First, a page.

It seems a bit dishonest or it is extremely sloppy work to directly link to Ian Wilson’s
book in a sentence that reads, “Note the further evidence that Arizona’s first "1350 AD" radiocarbon date of the Shroud was a fraud, perpetrated by a computer hacker, allegedly
Timothy W. Linick”
It could be. I would like it to be. Here are a couple of samples from an entry for Geoffroy I under G (split in Ga to Gm). Despite being a bit op-ed-ish, there is some interesting stuff here with many hot links that should prove useful to many people:
Geoffroy I owned (or knew he was going to own) the Shroud by 1343. In1343 Geoffroy I applied to Philip VI for funds to build and operate a chapel in Lirey with five chaplains. Geoffroy himself would contribute his inheritance from an great-aunt Alix de Joinville (1256-1336), the mother of Bishop Pierre d’Arcis (c.1300-95), which further explains Bishop d’Arcis later hostility to the exhibition of the Shroud at that same Lirey church (see future). In June that same year, 1343, King Philip donated land with an annual rental value for financing the chapel. In 1349, in a petition to the French Pope at Avignon, Clement VI (1291–1352), Geoffroy advised that he had constructed a chapel at Lirey with five canons (priests), and requested that it be raised to collegiate church. For a tiny village of 50 houses, this is evidence that Geoffroy already had the Shroud in 1343 (or knew he was going to get it), and was planning to exhibit it at that Lirey church. However, due to Geoffroy I’s second imprisonment in England 1349-51, the collegiate status of the church was not proceeded with. Nevertheless, by 1353 the church had six canons, one of whom was Dean, as well as three other clerics. Moreover in that same year, 1353, King John II agreed to a further annual revenue increase. In 1354, Geoffroy renewed his petition to the new Avignon Pope Innocent IV (c. 1195-1254), renewing hisrequest that the Lirey church be raised to collegiate status, which was granted. So from a simple rural chapel in a village of 50 fifty houses,Geoffroy was preparing his Lirey church from 1343, to be a centre of pilgrimage! Clearly the pilgrimages would be to see the Shroud (as happened in c. 1355. So Geoffroy must have owned the Shroud from no later than 1343 (or knew he was going to). And King Phillip VI must have known that Geoffroy had (or was going to get) the Shroud from at least 1343, for him to agree to fund a church with such a disproportionately large number of clergy for such a tiny village. So too must his son King John II to agree to increase funding of the Lirey church in 1353, as well as the French Avignon Popes Clement VI and Innocent IV. This places a 1343 time constraint on theories of when and how Geoffroy I de Charny obtained the Shroud (see next).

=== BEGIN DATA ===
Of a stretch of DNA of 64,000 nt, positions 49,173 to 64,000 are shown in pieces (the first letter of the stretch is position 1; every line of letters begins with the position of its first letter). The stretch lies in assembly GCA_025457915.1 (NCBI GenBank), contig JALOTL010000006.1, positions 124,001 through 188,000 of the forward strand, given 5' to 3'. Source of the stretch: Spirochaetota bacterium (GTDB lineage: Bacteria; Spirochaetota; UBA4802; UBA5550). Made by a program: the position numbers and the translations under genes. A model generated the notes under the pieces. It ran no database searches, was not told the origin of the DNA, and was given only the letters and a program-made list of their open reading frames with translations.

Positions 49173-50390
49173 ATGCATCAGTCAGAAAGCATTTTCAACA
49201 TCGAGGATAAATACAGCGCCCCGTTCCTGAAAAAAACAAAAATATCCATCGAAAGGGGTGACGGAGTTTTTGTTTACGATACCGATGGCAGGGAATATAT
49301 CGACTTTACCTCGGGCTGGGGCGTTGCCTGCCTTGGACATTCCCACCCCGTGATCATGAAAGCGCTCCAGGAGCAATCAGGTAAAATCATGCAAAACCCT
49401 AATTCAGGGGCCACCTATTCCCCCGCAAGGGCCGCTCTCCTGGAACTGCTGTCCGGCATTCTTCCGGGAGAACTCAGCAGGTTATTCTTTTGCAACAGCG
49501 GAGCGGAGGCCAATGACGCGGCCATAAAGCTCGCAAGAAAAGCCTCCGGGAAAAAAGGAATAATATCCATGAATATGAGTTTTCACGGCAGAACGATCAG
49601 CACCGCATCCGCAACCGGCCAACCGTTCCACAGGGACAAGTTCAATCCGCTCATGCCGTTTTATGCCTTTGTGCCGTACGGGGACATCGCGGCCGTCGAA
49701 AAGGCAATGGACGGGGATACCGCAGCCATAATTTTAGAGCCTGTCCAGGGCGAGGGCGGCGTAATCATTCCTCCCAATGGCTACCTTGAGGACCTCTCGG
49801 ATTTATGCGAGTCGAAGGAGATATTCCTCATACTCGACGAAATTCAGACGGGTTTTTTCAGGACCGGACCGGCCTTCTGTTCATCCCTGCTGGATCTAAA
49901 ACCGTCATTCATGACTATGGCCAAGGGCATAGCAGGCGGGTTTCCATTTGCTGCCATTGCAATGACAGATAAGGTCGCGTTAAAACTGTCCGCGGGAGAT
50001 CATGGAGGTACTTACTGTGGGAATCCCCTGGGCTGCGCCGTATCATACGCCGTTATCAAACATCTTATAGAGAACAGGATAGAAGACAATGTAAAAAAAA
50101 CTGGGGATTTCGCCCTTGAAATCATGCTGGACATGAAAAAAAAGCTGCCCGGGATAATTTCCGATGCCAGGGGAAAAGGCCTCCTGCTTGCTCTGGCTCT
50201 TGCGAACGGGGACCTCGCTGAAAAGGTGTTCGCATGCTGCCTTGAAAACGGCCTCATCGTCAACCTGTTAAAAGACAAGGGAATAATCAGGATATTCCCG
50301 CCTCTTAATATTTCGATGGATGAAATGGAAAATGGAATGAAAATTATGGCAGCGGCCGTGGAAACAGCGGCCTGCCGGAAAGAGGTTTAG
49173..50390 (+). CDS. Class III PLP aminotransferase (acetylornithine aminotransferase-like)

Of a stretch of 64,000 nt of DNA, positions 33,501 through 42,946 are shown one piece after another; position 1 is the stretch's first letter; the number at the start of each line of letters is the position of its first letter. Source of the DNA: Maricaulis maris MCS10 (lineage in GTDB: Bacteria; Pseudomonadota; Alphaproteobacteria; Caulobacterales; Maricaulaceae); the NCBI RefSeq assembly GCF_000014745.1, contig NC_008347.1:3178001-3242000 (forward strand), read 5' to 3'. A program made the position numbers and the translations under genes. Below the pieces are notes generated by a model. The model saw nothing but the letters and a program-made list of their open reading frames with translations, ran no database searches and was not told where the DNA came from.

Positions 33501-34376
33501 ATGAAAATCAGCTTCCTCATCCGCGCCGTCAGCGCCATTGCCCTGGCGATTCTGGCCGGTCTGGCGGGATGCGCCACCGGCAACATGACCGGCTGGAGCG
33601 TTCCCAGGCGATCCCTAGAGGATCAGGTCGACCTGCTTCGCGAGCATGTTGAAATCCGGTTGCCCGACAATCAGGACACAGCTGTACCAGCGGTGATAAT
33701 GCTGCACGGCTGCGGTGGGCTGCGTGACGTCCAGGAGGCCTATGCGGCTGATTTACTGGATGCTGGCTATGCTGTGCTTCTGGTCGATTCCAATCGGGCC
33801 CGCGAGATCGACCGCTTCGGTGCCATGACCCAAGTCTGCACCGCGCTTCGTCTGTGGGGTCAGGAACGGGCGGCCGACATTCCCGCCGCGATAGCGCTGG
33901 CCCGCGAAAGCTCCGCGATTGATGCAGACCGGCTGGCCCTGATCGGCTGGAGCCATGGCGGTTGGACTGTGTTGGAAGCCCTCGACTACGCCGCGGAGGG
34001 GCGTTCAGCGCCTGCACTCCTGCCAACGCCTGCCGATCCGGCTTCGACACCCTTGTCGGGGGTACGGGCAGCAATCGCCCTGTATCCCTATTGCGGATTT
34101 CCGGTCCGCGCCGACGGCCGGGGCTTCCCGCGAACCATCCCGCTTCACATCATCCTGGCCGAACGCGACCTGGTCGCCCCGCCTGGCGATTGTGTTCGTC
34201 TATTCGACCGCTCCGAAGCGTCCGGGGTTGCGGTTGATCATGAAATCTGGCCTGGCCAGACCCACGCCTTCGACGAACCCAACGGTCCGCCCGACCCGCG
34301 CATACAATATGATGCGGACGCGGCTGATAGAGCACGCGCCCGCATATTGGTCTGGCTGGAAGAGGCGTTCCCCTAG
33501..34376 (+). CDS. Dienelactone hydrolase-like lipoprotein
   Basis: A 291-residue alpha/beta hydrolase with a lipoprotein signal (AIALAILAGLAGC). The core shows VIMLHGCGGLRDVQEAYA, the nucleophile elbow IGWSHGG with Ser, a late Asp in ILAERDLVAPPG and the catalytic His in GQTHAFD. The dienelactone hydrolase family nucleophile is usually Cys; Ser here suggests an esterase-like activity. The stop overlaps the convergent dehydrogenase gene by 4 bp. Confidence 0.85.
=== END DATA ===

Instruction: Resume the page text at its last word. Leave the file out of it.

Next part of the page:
More interesting stuff. It seems well researched.
[…] This is actually stated in a 1525 document which was posted at the entrance of the rebuilt Lirey church: